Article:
But I couldn’t write them.

I didn’t understand, but I knew that one day, I would. I let the frustration go, and just let it be.

Then, it was TC’s birthday. We celebrated his birthday and the world not ending by going to a movie. It was lovely; I still listen to the soundtrack. Every day. My nearly-teen son teases me. I still listen.

This is not D, but TC and I still had fun shooting the pictures anyway!

This is not D, but TC and I still had fun shooting the pictures anyway!

After the movie, I had my celebratory glass of wine (or rather my I-survived-20-hrs-of-labor-and-100-extra-pounds glass of wine). I started thinking about D and the story (because not a day went by in 10 years that I didn’t think about D and the story), and the movie.

And there he was.

In all his glory. It slapped me across the face, gave me goose bumps and made me pay attention.  He had a face. He had a voice. He had a presence that I could see and understand. He was mine. He had marinated in the morass that is my mind long enough, and he was mine.

And so I wrote. I wrote and I blew through the 3-chapter barrier. As we neared the end of part 1, re-writing the entire thing as we went, I realized that the camaraderie I had built with D was something ‘else.’

It might even be something others might enjoy.

Something marketable.

Something that wasn’t me exactly, but was the story, was D, and was faintly entertaining in its own right.

So I blogged. And amazingly, I loved it! I still think Twitter may be Dante’s 8th circle, but it’s kind of fun. I even think I could have another blog (more on that later. . . I might also be crazy!).

My trouble is staying on task, focusing. I need to maintain a healthy disregard for D, otherwise these posts may become a bit of a love-fest, and that’s no fun! I also need to write Part 2, which is hard because I’m not a rabid nationalist anymore. I’ve switched sides, become Sean and I think I might have to OD on Braveheart in order to do Maureen’s idealism justice. The rest of the story is lovely and it’s spinning itself together in a way I had never before considered. I can’t wait to get there.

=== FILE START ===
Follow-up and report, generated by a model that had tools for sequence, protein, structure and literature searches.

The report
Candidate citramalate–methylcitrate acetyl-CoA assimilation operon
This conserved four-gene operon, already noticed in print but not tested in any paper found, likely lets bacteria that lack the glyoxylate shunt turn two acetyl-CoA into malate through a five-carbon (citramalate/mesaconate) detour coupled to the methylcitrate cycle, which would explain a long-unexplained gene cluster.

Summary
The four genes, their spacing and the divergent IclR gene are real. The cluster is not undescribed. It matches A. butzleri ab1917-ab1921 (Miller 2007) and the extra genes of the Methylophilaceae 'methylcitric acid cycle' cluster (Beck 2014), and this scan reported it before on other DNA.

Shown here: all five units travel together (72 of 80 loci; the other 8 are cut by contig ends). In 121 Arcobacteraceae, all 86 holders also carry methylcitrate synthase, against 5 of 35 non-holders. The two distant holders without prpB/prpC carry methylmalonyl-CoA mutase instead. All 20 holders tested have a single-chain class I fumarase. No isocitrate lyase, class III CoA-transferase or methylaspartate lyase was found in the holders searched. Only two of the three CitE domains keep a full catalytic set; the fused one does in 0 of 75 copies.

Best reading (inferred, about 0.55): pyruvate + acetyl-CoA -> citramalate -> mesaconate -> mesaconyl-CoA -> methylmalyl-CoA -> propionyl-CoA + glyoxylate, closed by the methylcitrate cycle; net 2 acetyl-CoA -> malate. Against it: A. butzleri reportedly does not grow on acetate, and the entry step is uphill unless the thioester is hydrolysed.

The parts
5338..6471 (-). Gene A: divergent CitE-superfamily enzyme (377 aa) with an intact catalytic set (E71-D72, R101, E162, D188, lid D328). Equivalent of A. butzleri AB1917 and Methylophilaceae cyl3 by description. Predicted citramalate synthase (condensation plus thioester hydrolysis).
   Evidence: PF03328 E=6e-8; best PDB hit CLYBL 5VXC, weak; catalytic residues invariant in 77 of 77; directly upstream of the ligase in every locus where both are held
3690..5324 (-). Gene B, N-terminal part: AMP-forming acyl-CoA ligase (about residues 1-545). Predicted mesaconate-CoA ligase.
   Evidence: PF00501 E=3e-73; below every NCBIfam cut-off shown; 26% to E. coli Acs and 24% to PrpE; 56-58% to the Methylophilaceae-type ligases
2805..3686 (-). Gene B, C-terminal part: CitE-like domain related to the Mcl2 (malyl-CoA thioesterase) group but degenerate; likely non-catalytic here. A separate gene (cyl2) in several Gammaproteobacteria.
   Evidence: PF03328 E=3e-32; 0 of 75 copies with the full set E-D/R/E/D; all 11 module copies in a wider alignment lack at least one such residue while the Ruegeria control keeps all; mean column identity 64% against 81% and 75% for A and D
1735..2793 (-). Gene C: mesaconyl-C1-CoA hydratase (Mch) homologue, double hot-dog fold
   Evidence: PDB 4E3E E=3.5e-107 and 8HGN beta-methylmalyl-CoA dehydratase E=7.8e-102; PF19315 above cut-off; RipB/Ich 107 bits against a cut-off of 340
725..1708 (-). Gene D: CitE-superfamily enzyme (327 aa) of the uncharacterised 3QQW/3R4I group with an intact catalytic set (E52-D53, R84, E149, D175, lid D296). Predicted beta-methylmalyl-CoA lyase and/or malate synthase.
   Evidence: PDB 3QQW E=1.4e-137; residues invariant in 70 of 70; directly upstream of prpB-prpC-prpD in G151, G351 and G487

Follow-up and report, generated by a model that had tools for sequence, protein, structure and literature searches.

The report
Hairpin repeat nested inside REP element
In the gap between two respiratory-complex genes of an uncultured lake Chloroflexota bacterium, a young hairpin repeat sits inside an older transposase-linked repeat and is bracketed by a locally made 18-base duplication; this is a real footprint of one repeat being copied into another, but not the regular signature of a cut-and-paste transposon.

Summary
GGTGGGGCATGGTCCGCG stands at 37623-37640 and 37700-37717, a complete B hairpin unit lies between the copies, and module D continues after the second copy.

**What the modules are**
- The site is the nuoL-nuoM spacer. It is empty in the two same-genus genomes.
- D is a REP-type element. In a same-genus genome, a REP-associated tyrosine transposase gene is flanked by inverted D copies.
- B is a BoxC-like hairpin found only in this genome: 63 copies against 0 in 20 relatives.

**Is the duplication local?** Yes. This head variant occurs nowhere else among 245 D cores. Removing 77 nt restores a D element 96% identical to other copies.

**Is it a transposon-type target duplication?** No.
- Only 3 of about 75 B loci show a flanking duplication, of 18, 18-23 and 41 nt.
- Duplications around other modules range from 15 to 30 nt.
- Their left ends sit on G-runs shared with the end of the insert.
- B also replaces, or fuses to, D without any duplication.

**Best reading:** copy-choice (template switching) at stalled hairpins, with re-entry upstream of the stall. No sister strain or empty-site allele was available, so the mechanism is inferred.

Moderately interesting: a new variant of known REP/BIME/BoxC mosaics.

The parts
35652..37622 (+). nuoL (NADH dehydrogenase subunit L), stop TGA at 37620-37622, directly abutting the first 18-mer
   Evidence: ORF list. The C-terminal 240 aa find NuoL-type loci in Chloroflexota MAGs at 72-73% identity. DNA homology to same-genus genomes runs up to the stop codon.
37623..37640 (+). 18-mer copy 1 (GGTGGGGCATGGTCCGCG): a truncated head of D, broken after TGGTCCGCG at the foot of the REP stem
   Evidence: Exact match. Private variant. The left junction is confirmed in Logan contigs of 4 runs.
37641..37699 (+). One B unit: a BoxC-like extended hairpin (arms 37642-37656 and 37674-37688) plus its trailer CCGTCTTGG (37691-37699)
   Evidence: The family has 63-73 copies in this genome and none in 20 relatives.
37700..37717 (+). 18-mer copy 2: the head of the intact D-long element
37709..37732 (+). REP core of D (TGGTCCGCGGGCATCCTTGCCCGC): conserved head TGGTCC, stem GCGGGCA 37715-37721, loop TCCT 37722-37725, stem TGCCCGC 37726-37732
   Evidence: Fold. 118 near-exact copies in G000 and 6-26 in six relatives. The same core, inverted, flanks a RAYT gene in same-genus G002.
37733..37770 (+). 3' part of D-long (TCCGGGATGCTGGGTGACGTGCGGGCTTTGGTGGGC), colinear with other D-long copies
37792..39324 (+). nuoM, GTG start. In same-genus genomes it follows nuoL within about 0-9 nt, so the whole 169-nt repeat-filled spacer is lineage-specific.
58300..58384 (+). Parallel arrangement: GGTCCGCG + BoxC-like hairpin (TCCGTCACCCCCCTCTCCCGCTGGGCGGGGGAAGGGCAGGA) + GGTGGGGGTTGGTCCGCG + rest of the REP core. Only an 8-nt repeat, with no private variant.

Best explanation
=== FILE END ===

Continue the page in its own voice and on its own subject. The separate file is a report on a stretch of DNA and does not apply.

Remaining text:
And then there is D. We do chat. He has a nice baritone, so conversing is lovely. It’s not that I dislike him anymore – I have a very healthy respect for him – but honestly, try living with an overbearing Scot with an ego as big as he is old. Respect, entertainment – it all goes flying out the window eventually.

This is why I’m in Rome. This is bigger – so much bigger – than I had anticipated. But I want to do it. I want to tell the tale and I want to be marketable. D is my brand. Having the support of like-minded people is incredible. And I am so thankful to be a part of the Rome Construction Crew.

D: So, if I’m your brand, does that mean you’re going to stop talking soon?

A: Yes, D – get ready to shine!

Living in interesting times

Interesting Blog Award

Interesting Blog Award

D: Confucius never said that.

A: Um . . . what?

D: That {pointing}. Your title – it’s not Chinese. It’s not old. And Confucius had nothing to do with it.

A: I didn’t—

D: In fact, he didn’t say half the malarkey you all like to heap on his head.

A: D? Calm down, D. First, malarkey?

D: You get flibbertigibbet, I get malarkey.

A: Oh, D, you do tempt me with tangents and random obscurities.

D: That’s not–

A: I know, D. We made up the curse – some ambassador thought it sounded neat and attributed it to an ancient Chinese philosopher. I know. And I get it: you and Confucius were buds way back when in your time-travelling days, and you take exception to the malarkey. But D, this has nothing to do with whether or not the curse was real or if Confucius said it.

D: It doesn’t?

A: Nope, it has to do with me.

D: You? (Snicker)

A: Don’t laugh too hard, D. To be honest, it’s related to this blog, which we technically share. We were nominated for an award.

D: I think I’m going to refrain from my normal diatribe on the lengths to which your society goes to make itself feel good.

A: Thank you, D. It is a first-world problem, and I’m happy to have it.

D: (Grumble, grumble) So, the award . . .

A: It’s called the Interesting Blog Award. I was nominated by the very lovely Kira at Writing Snapshots  and Wrestling Life. The rules are simple: First, thank the person who nominated you.

D&A: Thank you Kira!!

A: Then, list five random facts about yourself, nominate five other blogs, answer five questions and ask five questions of our own to our nominees.

D: Who gets to answer the questions and the random facts?

A: I think we both can.

D: All right, but then who gets to ask the questions?